Robert L. Rosen .... producer
 
Original Music by
Don Ellis 
 
Cinematography by
Claude Renoir (director of photography)
 
Film Editing by
Tom Rolf 
 
Casting by
Margot Capelier 
 
Production Design by
Jacques Saulnier 
 
Set Decoration by
Charles Merangel  (as Charles Mérangel)
 
Makeup Department
Alex Archambault .... hairdresser
Alex Archambault .... makeup artist
Monique Archambault .... hairdresser
Monique Archambault .... makeup artist
 
Production Management
René Fargéas .... unit production manager (as René Fargeas)
Robert Fugier .... unit production manager
Pierre Saint-Blancat .... production manager (as Pierre Saint Blancat)
 
Second Unit Director or Assistant Director
Thierry Chabert .... assistant director
Gwen Field .... assistant director (as Gwen M. Field)
Marc Monnet .... second unit director
Bernard Stora .... assistant director
Pierre Tati .... assistant director (as Pierre Tatischeff)
 
Art Department
Daniel Braunschweig .... propman
 
Sound Department
Bernard Bats .... sound recording mixer
Don Hall .... sound effects editor
William Hartman .... sound effects editor
Edward Rossi .... sound effects editor
Theodore Soderberg .... sound re-recording mixer
 
Special Effects by
Logan Frazee .... special effects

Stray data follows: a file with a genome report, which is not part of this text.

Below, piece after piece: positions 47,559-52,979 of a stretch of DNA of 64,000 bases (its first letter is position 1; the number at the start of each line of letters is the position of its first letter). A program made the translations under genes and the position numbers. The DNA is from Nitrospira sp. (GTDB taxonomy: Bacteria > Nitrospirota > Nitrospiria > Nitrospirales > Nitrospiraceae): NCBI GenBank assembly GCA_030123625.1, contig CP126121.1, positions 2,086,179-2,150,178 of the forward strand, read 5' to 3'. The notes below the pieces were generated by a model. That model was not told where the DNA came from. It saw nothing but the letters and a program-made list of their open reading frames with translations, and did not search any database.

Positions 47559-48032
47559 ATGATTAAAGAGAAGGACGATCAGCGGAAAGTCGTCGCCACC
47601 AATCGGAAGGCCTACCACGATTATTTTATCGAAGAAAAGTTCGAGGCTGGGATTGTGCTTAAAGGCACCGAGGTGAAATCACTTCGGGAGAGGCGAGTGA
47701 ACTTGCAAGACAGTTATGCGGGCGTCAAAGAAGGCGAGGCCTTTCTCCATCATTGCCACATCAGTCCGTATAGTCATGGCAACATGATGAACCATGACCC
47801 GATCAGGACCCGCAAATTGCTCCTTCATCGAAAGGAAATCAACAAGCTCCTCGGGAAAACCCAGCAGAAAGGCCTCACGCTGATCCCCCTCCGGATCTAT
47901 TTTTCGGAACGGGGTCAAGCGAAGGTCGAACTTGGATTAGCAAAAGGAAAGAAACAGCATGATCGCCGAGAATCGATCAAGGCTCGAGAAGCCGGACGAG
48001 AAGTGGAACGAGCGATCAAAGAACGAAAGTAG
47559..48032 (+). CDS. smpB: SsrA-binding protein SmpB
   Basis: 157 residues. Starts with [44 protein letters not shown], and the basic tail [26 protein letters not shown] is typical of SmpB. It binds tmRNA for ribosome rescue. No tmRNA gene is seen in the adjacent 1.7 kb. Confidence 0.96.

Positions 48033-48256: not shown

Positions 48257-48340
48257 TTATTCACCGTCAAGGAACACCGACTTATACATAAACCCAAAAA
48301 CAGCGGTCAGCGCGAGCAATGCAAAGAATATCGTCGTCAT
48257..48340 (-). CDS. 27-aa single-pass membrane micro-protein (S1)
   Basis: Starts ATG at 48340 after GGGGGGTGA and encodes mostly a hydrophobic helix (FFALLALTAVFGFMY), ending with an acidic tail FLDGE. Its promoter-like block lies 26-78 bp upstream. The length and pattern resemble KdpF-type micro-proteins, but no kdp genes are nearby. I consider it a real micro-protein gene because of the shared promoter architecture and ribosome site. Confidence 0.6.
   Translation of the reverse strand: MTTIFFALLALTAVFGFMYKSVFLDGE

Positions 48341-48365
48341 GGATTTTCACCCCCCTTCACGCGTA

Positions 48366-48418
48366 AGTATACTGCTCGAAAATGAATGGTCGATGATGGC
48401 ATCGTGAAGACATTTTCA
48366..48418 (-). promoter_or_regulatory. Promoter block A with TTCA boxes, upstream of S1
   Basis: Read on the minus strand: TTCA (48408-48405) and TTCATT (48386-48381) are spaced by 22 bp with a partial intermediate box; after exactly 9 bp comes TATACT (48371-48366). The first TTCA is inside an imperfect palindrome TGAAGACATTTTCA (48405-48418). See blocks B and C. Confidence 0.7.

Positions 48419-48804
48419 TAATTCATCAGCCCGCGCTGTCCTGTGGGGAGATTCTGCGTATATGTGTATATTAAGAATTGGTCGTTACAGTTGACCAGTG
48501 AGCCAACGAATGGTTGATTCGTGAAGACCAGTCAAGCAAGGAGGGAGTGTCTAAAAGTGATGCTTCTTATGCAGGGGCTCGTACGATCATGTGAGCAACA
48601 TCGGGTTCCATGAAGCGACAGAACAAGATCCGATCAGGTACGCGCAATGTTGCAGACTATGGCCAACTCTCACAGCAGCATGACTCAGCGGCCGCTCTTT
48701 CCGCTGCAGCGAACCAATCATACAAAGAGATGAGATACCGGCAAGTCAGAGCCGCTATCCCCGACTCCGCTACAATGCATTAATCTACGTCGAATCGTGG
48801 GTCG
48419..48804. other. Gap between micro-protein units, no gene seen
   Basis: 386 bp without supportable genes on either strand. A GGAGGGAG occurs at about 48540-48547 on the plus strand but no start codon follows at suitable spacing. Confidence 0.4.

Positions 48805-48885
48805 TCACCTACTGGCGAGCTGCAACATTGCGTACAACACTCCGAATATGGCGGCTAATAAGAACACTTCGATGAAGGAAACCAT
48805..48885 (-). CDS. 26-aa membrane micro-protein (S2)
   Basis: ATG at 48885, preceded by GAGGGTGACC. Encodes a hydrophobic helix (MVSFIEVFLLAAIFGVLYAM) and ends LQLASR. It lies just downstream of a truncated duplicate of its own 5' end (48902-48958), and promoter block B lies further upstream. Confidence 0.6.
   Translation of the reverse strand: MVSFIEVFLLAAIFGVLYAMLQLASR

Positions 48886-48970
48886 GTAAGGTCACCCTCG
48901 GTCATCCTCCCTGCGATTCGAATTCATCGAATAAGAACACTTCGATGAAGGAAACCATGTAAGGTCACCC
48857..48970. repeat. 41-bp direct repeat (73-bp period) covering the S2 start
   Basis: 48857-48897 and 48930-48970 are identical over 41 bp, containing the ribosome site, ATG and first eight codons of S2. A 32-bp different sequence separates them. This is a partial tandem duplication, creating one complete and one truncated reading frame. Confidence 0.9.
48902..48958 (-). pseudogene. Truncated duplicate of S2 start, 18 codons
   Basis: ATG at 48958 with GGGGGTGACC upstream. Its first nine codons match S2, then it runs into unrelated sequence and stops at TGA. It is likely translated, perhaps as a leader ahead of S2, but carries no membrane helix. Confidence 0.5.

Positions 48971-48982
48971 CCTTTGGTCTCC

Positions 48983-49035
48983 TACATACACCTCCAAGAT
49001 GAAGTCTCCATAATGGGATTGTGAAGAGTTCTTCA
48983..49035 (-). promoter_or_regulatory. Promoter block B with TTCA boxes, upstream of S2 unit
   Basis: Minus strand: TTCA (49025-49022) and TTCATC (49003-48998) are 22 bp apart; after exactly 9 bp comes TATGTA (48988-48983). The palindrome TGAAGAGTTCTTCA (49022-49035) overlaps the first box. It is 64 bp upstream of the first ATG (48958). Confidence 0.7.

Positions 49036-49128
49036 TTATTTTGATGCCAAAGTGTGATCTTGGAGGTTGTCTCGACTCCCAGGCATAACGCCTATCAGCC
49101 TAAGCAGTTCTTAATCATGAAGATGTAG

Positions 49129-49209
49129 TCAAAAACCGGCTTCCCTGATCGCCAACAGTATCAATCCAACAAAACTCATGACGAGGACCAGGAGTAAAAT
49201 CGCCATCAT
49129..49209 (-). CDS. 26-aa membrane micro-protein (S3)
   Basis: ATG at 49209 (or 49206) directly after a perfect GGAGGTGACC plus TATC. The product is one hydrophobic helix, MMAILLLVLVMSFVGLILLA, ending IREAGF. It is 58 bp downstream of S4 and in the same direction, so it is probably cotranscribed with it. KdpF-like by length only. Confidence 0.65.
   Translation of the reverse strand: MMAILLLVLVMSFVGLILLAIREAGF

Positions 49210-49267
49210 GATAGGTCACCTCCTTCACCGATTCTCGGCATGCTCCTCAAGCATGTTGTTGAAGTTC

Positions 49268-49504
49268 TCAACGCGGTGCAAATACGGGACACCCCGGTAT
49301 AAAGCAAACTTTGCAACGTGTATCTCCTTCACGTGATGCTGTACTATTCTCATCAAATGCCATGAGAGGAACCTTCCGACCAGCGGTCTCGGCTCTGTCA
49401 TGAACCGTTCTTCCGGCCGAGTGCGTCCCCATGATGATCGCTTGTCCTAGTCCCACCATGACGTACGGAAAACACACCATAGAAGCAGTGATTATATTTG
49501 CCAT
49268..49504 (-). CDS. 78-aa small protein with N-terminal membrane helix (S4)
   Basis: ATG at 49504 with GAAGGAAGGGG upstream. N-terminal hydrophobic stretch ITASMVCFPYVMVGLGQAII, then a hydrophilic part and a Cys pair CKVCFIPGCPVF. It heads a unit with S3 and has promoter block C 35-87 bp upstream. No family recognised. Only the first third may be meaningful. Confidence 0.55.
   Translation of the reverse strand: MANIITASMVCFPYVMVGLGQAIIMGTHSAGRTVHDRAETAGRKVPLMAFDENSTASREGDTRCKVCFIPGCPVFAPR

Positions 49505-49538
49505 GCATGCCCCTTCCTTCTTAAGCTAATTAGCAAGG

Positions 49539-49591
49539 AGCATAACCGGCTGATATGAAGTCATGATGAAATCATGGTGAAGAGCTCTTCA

Stunts
Hal Needham .... stunt coordinator
Odile Astie .... stunts (uncredited)
Dan Vieru .... stunts (uncredited)
Serge Wagner .... stunts (uncredited)
 
Camera and Electrical Department
Philippe Brun .... camera operator
Eugène Herrly .... key grip (as Eugene Herrly)
Charles-Henri Montel .... camera operator (as Charles-Henry Montel)
Serge Moritz .... still photographer
Jacques Touillaud .... chief electrician
 
Costume and Wardrobe Department
Pierre Nourry .... wardrobe
 
Editorial Department
Catherine Kelber .... assistant editor
George Trirogoff .... assistant editor
 
Music Department
Don Ellis .... conductor
Kenneth Wannberg .... music editor
 
Other crew
Lucie Lichtig .... script supervisor
Robert Monosmith .... production auditor
Gordon Arnell .... publicity director (uncredited)
 
Crew believed to be complete


Production CompaniesDistributorsOther Companies

Additional Details

Also Known As:
Runtime:
119 min
Country:
Language:
Color:
Aspect Ratio:
1.85 : 1 See more »
Sound Mix:
Mono (Westrex Recording System)
Certification:
Argentina:18 | Australia:M | Brazil:16 | Canada:PG (Manitoba) | Canada:R (Nova Scotia/Ontario) | Canada:13+ (Quebec) | Canada:18A (video rating) | Finland:K-16 (1988) | Finland:K-18 (1975) | France:12 | Iceland:16 | Italy:VM14 | Netherlands:14 (original rating) | Netherlands:16 (re-rating) | Singapore:NC-16 | Sweden:15 | UK:X (original rating) | UK:18 (video rating) | USA:R | West Germany:16

Did You Know?